CAS  Google Scholar 

  16. 16.

    Kimura M (1980) A simple method for estimating evolutionary rates of base substitutions through comparative studies of nucleotide sequences. J Mol Evol 16:111–120

    Article  CAS  PubMed  Google Scholar 

  17. 17.

    Saitou N, Nei M (1987) The neighbor-joining method: a new method for reconstructing phylogenetic trees. Mol Biol Evol 4:406–425

    CAS  PubMed  Google Scholar 

  18. 18.

    Kishino H, Hasegawa M (1989) Evaluation of the maximum likelihood estimate of the evolutionary tree topologies from DNA sequence data, and the branching order in Hominoidea. J Mol Evol 29:170–179

    Article  CAS  PubMed  Google Scholar 

  19. 19.

    Fitch WM (1971) Toward defining the course of evolution: minimum change for a specific tree topology. Syst Biol 20:406–416

    Article  Google Scholar 

  20. 20.

    Tamura K, Peterson D, Peterson N et al (2011) MEGA5: molecular evolutionary genetics analysis using maximum likelihood, evolutionary distance, and maximum parsimony methods. Mol Biol Evol 28:2731–2739

    PubMed Central  Article  CAS  PubMed  Google Scholar 

  21. 21.

    Felsenstein J (1985) Confidence limits on phylogenies: an approach using the bootstrap. Evolution 39:783–791

    Article  Google Scholar 

  22. 22.

    Murray R, Doetsch RN, Robinow CF (1994) Determinative and cytological light microscopy. In: Gerhardt P (ed) Methods for general and molecular bacteriology. ASM Press, Washington, BC, pp 21–41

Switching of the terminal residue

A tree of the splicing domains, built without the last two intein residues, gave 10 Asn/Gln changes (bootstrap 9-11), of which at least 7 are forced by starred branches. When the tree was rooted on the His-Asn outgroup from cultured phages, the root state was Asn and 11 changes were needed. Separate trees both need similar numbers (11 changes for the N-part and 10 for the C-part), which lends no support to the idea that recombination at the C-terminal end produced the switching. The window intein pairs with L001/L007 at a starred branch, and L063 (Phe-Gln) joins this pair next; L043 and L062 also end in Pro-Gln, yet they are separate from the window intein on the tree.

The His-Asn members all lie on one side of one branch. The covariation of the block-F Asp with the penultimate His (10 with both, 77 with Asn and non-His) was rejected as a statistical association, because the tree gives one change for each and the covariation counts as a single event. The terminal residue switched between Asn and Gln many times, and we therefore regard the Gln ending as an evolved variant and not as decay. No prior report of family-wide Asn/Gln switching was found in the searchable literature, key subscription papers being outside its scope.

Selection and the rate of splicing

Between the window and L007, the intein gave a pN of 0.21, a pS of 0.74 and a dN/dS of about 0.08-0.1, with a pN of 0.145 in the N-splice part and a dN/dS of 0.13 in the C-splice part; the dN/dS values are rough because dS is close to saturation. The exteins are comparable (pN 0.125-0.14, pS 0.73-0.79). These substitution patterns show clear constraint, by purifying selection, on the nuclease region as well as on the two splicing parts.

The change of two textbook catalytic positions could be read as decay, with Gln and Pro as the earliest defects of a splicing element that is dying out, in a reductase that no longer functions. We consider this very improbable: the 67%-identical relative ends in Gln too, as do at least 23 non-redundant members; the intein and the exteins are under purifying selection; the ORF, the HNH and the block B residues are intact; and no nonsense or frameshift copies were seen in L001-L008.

Google Scholar 

  23. 23.

    Bernardet JF (2002) Proposed minimal standards for describing new taxa of the family Flavobacteriaceae and emended description of the family. Int J Syst Evol Microbiol 52:1049–1070

    CAS  PubMed  Google Scholar 

  24. 24.

    Smibert RM, Krieg NR (1994) Phenotypic characterization. In: Gerhard P, Murra RGE, Wood WA, Krieg N (eds) Methods for general and molecular bacteriology. American Society for Microbiology, Washington, DC, pp 607–654

    Google Scholar 

  25. 25.

    Barrow GI, Feltham RKA (1993) Cowan and steel’s manual for the identification of medical bacteria. Cambridge University Press, Cambridge

    Book  Google Scholar 

  26. 26.

    Mesbah M, Premachandran U, Whitman WB (1989) Precise measurement of the G+C content of deoxyribonucleic acid by high-performance liquid chromatography. Int J Syst Bacteriol 39:159–167

    Article  CAS  Google Scholar 

  27. 27.

    Minnikin DE, O’Donnell AG, Goodfellow M et al (1984) An integrated procedure for the extraction of bacterial isoprenoid quinones and polar lipids. J Microbiol Meth 2:233–241

    Article  CAS  Google Scholar 

  28. 28.